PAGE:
It is incumbent upon us as a university and as individuals to return to this community some of what we have been given, and public service through Volunteer UGA is an excellent way to do that.
This is the model for the future—to be as institutionally intentional about service as we have been about learning and research, and to meld the two activities into one which complements and strengthens both.
Finally, I was heartened by a recent discussion at University Council about the need for a focus on academic rigor and a recognition that the quality of the UGA curriculum must keep pace with the quality of the UGA student. I know that Student Government Association President Adam Sparks is right when he notes that many students are up late studying at the Student Learning Center and that many good things are happening here academically. I now want to extend this conversation to every faculty member and every academic department head. I hope you will ask, with particular emphasis on undergraduate requirements, whether or not you have ratcheted up the quality of the curriculum and the reading and writing requirements consistent with the greatly enhanced quality of the UGA student body. I want to see every department hold a faculty meeting to ask questions about academic rigor.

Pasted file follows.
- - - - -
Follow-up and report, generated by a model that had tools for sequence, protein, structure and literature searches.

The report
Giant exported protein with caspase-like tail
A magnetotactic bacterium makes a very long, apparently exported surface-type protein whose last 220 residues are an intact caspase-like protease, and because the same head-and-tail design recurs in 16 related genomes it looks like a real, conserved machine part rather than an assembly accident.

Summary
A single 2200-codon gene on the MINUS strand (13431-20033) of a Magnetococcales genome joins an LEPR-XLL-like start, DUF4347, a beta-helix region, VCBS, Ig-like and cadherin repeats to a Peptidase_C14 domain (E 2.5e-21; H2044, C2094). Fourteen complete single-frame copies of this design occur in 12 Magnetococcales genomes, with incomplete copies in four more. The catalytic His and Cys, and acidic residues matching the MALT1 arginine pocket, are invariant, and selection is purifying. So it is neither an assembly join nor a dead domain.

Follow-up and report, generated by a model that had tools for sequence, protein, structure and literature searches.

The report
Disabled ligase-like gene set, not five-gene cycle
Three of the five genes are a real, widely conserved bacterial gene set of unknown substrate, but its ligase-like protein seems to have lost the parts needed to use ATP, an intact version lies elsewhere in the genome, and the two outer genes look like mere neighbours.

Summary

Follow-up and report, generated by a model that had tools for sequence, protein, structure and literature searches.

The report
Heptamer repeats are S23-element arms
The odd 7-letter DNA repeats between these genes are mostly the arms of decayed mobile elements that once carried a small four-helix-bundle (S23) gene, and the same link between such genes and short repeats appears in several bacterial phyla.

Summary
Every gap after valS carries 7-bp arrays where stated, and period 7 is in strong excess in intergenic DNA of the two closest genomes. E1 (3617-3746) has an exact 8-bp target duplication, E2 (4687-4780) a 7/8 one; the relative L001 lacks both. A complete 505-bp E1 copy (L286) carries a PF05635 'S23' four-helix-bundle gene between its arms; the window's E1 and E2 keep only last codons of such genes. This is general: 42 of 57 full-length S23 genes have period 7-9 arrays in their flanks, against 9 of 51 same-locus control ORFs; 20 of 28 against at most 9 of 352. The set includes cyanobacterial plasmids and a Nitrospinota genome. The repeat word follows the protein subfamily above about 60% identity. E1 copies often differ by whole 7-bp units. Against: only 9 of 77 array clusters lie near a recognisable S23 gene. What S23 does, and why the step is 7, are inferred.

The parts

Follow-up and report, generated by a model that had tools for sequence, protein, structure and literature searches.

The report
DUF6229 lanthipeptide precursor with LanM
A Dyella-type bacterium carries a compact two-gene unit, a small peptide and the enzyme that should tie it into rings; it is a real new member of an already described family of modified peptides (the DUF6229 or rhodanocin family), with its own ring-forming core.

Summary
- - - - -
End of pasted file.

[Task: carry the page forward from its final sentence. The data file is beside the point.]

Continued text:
I truly believe that in the next five to 10 years the University of Georgia has the capacity to become a premier American university mentioned in the same sentence with Berkeley and Michigan and Virginia and North Carolina.
But before we make these claims, we yet have work to do: better student-teacher ratios, better classroom rigor, better writing and speaking, better use of time throughout the week. We make these efforts to strengthen the quality and rigor of the curriculum not because of national surveys, but because we have a signal responsibility to the people of this state to do no less.
Let us not lose sight of the importance of our work here. More than any other institution or organization in this state, the University of Georgia bears the responsibility of preparing the next generation of leaders that will help determine Georgia's place in the world.
We have come a long way. We have made great progress. We are truly an institution of national stature. But it is now time to take this institution to the next level—with a greatly strengthened curriculum, an improved intellectual climate and a greater commitment to service.
It is time for UGA to move from being very good to being truly great. With your continued help and support, I know we can get there.